Homeless teen graduates from HISD with honors

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An HISD student who secretly lived alone on the streets of Houston for three years is inspiring everyone with his story.

Just imagine yourself in these shoes. You're a homeless teenager. You spent your nights sleeping on Houston streets. Your family abandoned you.

You're keeping this all a secret. Yet you still get up and go to school every day.

That's the story of 20-year old Liyjon DeSilva. His mother passed away when he was only five years old. He bounced around with other family members before finding himself all alone.

For three years, DeSilva said he managed on his own.

"I wanted clothes. I wanted to be able to live like a normal kid, you know. I wanted to eat like a normal kid. I slept at parks. I love sleeping on parking lots because I could see the stars, the sky. There was one where I could see the horizon of the city. I slept at pools. Those were cool," said DeSilva. "I don't like to refer to it as bad or that it was terrible because I learned a lot. I learned a lot of survival skills. Life became a bit easier."

DeSilva's story took a better turn when he finally accepted help. He attended Margaret Long Wisdom High School, formerly known as Lee High School.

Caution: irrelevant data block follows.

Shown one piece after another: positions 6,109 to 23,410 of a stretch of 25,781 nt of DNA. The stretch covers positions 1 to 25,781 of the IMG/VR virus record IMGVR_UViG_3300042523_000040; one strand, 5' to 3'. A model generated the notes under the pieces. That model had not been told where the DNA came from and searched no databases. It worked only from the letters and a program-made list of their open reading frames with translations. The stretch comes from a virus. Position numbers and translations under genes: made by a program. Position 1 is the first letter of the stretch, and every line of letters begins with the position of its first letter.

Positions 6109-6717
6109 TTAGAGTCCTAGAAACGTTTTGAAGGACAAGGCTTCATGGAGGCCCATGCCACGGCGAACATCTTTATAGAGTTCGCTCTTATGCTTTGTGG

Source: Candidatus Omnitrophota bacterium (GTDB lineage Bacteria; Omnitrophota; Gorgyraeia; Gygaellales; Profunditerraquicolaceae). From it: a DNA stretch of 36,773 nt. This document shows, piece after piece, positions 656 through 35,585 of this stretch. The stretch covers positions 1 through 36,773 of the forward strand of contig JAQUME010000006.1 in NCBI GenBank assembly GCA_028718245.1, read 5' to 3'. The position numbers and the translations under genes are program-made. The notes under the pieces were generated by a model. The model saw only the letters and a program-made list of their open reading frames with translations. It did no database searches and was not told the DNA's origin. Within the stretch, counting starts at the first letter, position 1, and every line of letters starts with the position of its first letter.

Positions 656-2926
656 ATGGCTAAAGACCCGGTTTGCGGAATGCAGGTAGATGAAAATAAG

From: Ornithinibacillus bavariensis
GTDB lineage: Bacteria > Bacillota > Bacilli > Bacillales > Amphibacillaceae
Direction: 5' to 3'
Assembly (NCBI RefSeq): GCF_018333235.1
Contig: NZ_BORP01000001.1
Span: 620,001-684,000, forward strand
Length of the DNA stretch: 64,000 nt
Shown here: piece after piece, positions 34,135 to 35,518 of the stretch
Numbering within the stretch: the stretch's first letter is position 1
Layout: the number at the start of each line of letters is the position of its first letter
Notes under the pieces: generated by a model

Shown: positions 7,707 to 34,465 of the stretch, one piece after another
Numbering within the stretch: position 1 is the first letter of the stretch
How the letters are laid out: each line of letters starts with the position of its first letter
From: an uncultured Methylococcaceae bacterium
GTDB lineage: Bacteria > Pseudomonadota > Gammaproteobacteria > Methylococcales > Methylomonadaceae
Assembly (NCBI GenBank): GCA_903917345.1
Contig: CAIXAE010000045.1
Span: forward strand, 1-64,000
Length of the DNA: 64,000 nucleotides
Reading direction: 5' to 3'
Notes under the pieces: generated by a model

Principal Jonathan N. Trinh said in his 23-year career, DeSilva stands out as naturally gifted and among the Top 5 percent of students.

"The next thing I know we have one of our counselors who calls and says there's a report. We found him sleeping in the park," said Principal Trinh.

Trinh reached out with a helping hand. Jessica Smith, who was working for "Communities in Schools," also stepped in to offer assistance. She even helped find him a space to call his own.

"He calls me his mother figure. Liyjon has some very special inner resources that make him really driven and strong," said Smith. "There are tons of people out there who want to help and kids out there who need it."

On May 27, DeSilva graduated among the top of his class with a 3.67 GPA. He won a full scholarship to Carleton College in Northfield, Minnesota. While most of his costs are covered, his friends are raising money to help him with the basics, including buying a computer. If you want to help, visit their crowdfunding site.
Related Topics:
educationgood newshomelessgraduationHISDHouston
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